Vladimir Guerrero Jr. has already proven many times over that he is capable of hitting major-league pitching, and yet he will be doomed to spend the first month or so of the season toiling away in the minor leagues while the Blue Jays game his arbitration eligibility. When he eventually does emerge to dazzle us with his innate dinger-socking abilities, we may be looking at a slightly slimmer version.
The Blue Jays apparently want Big Little Vlad to focus on his conditioning during spring training, with the goal being to cut some weight from his large frame (hilariously, the Blue Jays raised his official weight from 200 pounds to 250 overnight). Guerrero indicated to ESPN that he is on board with this plan, at least in part:
“That weight is normal for me; that’s what I weighed last year. But this spring training, getting in better shape is part of my job too,” Guerrero said in a one-on-one interview with ESPN. “Part of the work I am focused on this spring training is to strengthen my body and be as healthy as possible. I am not killing myself to lose weight but it is my job to be in the best shape possible for when the season starts.”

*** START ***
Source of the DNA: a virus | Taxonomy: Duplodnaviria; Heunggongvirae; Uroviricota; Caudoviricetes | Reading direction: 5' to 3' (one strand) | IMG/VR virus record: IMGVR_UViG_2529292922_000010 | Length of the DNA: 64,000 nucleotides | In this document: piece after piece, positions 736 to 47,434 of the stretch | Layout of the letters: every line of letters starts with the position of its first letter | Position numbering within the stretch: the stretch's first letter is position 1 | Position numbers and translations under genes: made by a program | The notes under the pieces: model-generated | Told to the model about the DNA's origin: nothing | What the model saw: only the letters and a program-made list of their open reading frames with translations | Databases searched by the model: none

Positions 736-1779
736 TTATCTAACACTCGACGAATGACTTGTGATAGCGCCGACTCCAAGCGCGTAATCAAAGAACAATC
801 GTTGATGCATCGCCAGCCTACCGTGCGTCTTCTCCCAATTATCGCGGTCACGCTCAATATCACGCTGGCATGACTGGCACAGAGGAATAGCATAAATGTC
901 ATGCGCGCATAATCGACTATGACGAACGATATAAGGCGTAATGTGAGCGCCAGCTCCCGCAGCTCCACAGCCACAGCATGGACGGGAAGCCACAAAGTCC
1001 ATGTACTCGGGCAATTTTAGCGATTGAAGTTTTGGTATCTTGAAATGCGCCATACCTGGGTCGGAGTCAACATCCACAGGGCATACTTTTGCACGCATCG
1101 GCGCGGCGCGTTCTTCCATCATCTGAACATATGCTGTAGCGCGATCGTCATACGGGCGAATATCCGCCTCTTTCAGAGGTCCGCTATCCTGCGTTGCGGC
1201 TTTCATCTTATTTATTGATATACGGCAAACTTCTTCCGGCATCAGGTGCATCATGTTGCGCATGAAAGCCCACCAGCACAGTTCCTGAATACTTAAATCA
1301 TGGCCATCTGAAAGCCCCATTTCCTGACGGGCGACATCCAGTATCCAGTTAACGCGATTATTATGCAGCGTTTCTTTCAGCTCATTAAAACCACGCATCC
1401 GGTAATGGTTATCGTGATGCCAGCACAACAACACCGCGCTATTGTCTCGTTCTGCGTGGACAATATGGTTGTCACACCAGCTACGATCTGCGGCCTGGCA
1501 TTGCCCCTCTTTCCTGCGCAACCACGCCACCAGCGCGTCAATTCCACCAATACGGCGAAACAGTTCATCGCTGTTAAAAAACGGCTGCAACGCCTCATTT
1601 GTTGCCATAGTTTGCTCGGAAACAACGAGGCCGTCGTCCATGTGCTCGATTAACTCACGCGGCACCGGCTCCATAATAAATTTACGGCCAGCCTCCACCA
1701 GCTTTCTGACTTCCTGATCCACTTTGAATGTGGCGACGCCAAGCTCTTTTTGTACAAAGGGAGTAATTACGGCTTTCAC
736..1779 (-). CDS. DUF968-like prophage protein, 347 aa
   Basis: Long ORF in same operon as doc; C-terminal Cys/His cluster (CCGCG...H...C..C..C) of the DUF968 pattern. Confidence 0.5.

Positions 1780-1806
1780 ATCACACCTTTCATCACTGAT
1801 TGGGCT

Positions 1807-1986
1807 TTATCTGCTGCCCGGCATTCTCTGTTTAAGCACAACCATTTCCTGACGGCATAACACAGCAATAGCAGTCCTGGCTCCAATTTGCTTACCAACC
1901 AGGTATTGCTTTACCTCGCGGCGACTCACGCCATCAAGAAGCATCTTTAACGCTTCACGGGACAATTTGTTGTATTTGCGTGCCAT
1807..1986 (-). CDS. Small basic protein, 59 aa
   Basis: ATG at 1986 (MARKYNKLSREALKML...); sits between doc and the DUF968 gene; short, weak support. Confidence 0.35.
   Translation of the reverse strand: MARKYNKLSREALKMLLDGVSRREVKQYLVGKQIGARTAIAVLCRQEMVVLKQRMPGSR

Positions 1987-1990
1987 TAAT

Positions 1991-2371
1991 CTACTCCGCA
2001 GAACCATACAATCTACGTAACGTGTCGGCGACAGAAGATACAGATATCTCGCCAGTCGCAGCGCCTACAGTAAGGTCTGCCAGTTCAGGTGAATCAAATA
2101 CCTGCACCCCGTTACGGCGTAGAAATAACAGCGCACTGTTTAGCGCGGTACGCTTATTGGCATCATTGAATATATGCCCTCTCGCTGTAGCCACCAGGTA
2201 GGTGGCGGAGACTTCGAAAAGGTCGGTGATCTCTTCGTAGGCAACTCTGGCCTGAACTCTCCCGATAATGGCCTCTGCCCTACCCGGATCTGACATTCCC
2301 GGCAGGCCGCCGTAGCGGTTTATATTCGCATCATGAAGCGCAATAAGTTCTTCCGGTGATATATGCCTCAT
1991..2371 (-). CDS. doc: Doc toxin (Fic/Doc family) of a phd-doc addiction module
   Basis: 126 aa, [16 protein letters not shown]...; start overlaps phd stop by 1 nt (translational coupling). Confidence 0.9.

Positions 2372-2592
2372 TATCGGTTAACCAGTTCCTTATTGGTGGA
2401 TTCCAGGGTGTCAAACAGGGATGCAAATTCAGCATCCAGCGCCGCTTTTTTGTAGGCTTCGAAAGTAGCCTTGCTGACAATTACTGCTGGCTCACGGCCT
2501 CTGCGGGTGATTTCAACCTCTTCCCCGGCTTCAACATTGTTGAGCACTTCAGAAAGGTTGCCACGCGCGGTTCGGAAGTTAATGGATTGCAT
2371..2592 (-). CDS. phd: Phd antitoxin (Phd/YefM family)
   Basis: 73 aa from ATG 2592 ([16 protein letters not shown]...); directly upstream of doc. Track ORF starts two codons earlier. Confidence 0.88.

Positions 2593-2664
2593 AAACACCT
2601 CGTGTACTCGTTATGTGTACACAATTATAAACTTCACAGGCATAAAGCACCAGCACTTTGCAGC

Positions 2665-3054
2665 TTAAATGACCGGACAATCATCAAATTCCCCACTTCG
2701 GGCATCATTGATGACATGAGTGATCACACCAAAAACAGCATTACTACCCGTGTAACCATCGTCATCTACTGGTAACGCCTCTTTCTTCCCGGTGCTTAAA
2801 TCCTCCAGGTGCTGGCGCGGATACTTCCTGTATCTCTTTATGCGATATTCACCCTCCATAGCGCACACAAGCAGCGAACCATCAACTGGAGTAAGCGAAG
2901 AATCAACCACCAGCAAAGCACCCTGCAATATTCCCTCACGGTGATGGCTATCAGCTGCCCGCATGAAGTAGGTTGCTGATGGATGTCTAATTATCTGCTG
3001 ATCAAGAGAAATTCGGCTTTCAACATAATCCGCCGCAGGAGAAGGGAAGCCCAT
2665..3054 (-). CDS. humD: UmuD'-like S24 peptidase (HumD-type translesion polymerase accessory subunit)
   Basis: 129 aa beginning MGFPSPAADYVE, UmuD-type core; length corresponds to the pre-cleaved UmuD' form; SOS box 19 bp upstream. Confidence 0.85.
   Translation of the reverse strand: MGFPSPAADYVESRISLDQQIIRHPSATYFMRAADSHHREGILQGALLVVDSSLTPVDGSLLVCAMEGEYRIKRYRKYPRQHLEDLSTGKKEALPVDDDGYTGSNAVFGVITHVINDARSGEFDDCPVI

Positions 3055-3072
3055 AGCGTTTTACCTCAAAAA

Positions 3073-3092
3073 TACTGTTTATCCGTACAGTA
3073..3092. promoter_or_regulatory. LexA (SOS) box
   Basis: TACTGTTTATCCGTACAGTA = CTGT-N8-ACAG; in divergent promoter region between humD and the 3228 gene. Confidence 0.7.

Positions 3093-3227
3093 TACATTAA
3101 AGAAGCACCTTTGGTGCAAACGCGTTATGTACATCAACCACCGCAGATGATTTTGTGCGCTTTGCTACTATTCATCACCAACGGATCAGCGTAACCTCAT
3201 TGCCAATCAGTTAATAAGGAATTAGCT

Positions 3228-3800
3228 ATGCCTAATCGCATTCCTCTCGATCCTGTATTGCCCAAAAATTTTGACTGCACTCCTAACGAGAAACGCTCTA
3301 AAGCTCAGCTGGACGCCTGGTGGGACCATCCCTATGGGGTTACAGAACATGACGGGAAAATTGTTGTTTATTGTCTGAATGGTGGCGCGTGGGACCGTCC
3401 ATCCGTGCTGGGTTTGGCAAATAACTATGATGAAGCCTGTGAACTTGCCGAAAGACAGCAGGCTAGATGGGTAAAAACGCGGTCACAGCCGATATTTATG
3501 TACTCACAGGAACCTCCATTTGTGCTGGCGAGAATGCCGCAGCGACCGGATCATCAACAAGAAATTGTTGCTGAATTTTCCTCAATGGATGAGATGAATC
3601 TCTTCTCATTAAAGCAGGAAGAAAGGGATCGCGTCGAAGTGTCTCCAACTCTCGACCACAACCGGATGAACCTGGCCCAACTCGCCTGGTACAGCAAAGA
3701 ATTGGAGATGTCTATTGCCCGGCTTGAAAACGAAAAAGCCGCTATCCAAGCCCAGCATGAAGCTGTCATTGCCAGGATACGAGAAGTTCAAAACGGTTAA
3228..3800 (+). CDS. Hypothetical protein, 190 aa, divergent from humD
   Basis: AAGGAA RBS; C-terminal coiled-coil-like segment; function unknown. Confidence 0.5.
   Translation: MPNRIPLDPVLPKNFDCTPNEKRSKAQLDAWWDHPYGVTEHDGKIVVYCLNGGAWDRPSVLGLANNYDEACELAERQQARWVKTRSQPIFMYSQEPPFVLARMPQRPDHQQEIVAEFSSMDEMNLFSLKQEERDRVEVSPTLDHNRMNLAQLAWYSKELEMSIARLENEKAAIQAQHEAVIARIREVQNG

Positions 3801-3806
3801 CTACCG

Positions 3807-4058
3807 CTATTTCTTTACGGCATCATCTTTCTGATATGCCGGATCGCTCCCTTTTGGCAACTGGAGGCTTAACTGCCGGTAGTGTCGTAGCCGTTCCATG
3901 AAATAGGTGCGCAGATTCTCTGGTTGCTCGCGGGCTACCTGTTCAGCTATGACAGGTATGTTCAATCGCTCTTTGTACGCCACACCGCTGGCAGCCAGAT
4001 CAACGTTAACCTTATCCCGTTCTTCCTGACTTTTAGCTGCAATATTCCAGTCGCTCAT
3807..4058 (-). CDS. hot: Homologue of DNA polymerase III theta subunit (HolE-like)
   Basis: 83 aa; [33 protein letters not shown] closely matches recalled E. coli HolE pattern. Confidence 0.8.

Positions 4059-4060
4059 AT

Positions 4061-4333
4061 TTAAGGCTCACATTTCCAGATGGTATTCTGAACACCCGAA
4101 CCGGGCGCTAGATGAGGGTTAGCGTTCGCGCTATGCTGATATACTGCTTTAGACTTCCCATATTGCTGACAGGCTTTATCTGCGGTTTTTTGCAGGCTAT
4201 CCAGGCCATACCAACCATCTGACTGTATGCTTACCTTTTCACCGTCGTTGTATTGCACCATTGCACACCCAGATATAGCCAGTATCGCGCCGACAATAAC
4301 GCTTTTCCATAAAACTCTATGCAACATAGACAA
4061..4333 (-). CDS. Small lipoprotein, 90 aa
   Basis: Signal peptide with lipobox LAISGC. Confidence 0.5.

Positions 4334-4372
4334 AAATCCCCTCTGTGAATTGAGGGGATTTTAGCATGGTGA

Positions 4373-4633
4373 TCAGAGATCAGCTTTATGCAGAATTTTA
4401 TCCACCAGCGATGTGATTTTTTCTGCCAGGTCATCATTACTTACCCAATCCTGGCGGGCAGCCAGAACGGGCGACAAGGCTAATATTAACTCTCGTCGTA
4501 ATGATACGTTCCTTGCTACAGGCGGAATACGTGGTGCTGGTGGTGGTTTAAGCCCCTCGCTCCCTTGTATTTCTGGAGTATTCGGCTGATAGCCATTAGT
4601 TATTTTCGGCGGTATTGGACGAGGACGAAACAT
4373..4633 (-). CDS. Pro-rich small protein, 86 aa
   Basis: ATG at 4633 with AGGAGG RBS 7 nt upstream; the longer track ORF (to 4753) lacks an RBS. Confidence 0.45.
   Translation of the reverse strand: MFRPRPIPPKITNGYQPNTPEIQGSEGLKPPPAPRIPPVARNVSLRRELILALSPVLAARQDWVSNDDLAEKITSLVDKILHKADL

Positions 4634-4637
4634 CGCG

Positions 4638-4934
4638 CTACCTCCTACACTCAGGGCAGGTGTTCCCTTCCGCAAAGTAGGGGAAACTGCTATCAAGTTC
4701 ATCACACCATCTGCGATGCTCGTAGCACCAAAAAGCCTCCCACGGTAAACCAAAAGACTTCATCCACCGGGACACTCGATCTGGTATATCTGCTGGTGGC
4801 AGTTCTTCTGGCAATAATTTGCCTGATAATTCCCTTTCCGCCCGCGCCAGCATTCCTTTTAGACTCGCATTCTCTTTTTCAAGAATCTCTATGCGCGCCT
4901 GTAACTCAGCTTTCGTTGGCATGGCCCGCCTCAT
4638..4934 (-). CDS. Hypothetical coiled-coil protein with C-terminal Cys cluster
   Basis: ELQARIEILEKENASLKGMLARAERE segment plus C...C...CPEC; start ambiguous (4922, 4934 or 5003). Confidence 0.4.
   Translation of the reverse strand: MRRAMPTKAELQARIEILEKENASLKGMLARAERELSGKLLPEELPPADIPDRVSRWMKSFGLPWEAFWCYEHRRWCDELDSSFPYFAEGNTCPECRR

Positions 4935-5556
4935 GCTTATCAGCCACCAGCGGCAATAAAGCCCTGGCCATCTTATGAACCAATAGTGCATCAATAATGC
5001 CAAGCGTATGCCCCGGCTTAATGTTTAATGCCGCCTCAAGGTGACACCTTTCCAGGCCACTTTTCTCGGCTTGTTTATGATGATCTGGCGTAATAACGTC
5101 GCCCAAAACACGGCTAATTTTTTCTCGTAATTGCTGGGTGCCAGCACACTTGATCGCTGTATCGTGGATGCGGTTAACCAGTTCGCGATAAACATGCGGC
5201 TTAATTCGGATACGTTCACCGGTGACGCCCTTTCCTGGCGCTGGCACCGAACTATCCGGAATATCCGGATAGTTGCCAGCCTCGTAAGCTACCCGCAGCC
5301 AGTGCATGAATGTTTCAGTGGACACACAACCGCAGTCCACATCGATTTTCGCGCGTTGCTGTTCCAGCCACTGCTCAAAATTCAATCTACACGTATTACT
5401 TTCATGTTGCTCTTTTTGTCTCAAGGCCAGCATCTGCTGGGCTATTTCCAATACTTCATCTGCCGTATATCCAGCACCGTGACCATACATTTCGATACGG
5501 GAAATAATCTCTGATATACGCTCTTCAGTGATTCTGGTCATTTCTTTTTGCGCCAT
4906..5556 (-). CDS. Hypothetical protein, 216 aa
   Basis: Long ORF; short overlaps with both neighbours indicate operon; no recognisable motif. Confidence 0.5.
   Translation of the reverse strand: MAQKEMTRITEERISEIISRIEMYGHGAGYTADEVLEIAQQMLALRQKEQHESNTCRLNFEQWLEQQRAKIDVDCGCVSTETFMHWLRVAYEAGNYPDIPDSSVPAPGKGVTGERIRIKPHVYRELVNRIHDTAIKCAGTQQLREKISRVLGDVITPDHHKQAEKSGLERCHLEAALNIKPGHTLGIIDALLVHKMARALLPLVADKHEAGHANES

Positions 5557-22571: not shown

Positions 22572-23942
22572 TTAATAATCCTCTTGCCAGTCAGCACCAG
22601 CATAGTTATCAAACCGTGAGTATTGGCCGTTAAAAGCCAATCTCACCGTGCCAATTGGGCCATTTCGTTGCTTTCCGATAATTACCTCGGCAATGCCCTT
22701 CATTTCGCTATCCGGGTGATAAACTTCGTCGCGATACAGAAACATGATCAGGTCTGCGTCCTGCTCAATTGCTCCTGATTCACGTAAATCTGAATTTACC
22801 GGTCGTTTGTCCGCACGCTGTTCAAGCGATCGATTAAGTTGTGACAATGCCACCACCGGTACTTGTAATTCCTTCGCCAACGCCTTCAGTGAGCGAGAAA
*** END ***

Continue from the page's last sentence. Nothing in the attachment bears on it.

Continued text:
To heck with this, I say! One of the distinct pleasures of following baseball is the opportunity to see professional ballplayers who look like they spend four nights a week eating cheap hot dogs at the bowling alley nevertheless excelling at the sport. Basketball and football are where I go to see sculpted athletes jump over and through each other; baseball is for CC Sabathia whipping his heft into a 95 mph fastball.
It’s obviously important for athletes to keep themselves in good physical condition, but I would like to propose a new rule: a big thick ballplayer should not be told to lose any weight until he proves himself incapable of staying healthy and productive while being big and thick. At this point, how do we know that the excess meat on Guerrero’s bones isn’t the key ingredient to those grand displays of power?
Why mess with perfection?